Blasé about Brexit? The financial markets responses to the triggering of Article 50 and other political developments


The British Government triggered Article 50 of the Lisbon Treaty on 29 March. The announcement was widely anticipated and the financial market response was unsurprisingly muted. As we detailed in the latest issue of NIESR’s Economic Review that went out today, the road to final exit is long and other news and events since the referendum have caused more pronounced movements in financial markets.


Foreign exchange reaction

As one would expect, sterling exchange rates have been among the most responsive to EU withdrawal related news. Sterling bilateral rates were, however, stable in the week from 27 to 31 March 2017, which is consistent with the foreign exchange market pricing this event in.

But sterling was significantly affected by other political developments as is evident when looking at the 2-months implied volatility (figure 1). The referendum in June is a good example, but as the chart shows, sterling volatility also spiked in response to other news: the Prime Minister’s speech at the Conservative Party conference on 2 October 2016, her Lancaster House speech on 17 January 2017, the UK parliamentary approval of the European Union (Notification of Withdrawal) Act on 13 March 2017 and the calling of a general election for 8 June on 18 April 2017. We can also see that the magnitude of the market reaction to these events decreased with time, perhaps because these events did not represent policy shifts, but instead were interpreted as further news about the UK's position on and objectives for the EU withdrawal process. Volatility has now returned to a level even lower than its long-term average. Anecdotally, sterling declined by 0.5% against the Euro on Monday 1 May when the news was leaked that the dinner between Prime Minister May and European Commission president Junker had ended in bitter disagreement about the EU exit negotiation.

Equities reaction

The FTSE 100 index has experienced robust growth since the referendum, increasing by 14 per cent between 23 June 2016 and 28 April 2017, and even outperforming by 1 percentage point the S&P 500 over the same period. However, when converted to US dollars, the fall in sterling offset nearly all of the gains in the FTSE 100 (figure 2). The smaller capitalisation index, FTSE 250, was even more negatively impacted by the depreciation of the currency because it is composed of companies more exposed to the domestic market, even though the gap between the FTSE 250 and FTSE 100 has been recently narrowing.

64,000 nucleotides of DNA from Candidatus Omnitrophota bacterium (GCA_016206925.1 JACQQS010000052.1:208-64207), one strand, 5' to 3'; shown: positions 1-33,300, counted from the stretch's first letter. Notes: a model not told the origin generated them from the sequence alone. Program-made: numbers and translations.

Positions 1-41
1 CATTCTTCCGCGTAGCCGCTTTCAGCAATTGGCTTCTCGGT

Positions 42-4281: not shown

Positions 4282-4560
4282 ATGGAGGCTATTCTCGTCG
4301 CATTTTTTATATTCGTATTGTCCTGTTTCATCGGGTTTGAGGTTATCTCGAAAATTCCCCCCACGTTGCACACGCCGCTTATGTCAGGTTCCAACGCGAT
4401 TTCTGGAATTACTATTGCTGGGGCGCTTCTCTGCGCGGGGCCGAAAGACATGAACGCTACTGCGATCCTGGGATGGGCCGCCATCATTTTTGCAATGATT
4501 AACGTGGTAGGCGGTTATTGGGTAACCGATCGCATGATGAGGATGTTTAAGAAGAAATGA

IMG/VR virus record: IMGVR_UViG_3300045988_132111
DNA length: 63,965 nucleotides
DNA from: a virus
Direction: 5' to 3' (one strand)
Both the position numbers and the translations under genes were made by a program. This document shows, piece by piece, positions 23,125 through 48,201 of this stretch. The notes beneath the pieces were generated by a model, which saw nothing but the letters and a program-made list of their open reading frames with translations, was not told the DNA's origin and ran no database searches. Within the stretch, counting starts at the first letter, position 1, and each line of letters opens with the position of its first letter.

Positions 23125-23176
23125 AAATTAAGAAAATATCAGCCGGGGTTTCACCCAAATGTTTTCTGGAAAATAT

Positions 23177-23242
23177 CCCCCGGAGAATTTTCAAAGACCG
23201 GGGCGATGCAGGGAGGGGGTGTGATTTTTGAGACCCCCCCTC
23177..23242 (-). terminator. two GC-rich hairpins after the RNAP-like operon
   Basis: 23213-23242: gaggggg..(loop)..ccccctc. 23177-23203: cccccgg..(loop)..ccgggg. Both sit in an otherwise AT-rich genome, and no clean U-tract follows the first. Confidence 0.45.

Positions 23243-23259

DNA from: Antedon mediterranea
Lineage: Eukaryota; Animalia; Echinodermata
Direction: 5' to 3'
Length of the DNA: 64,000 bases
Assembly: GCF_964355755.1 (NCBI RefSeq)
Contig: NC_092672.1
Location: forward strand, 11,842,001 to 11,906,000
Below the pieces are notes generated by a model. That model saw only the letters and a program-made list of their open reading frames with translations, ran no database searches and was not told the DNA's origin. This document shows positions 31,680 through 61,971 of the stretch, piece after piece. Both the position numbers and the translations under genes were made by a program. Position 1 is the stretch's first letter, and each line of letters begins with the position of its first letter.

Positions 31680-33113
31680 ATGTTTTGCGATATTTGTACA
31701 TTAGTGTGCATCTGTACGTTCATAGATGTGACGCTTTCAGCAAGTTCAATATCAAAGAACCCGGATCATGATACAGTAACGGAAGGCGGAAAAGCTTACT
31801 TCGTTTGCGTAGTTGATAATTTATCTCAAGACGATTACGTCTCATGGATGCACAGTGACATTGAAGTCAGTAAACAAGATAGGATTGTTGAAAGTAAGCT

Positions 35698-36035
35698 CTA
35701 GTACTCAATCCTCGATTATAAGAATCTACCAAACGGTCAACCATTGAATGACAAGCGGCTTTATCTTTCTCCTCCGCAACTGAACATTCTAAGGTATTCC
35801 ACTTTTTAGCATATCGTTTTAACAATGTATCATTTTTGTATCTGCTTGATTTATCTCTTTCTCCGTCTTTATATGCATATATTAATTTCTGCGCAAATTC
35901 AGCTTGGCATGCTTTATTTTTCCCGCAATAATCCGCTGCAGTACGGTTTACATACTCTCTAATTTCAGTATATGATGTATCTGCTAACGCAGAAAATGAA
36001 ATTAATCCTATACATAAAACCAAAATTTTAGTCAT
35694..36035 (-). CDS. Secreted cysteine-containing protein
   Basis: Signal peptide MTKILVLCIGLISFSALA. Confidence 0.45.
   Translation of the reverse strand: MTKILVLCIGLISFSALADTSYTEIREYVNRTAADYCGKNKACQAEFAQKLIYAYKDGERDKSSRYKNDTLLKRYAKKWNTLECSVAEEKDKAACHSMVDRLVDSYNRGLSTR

Interest rates reaction

Figure 3 reports interest rate expectations derived from the Sterling Overnight Indexed Swap (OIS) yield forward curve, published each day by the Bank of England and used as the interest rate conditioning assumption in MPC forecasts. Figure 3 shows how interest rates expectations have evolved before and after the referendum. The dates reported are consistent with the point at which we finalised our conditioning assumptions for each of the past five NIESR forecasts. After a sharp drop following the referendum, expectations have risen marginally. However, over the past three months the longer end of the curve has flatten, shifting the expectation of a first 25 basis point rate rise back from mid 2019 to the first half of 2020.


Government bonds market reaction

During the week when Article 50 was triggered, UK 10-year bonds continued a rally that had started the week before, with yields falling by 7 basis points. However, there was no out-performance of gilts compared to their European peers, as other major European 10-year sovereign bonds also rallied. Since the referendum, the yield on 10-year gilts has been reduced by 48 basis points whereas German and French bonds have increased by 22 and 33 basis points respectively. This can be only partly attributed to movements in sovereign premia which have proved reasonably stable around the triggering of article 50 (figure 4).


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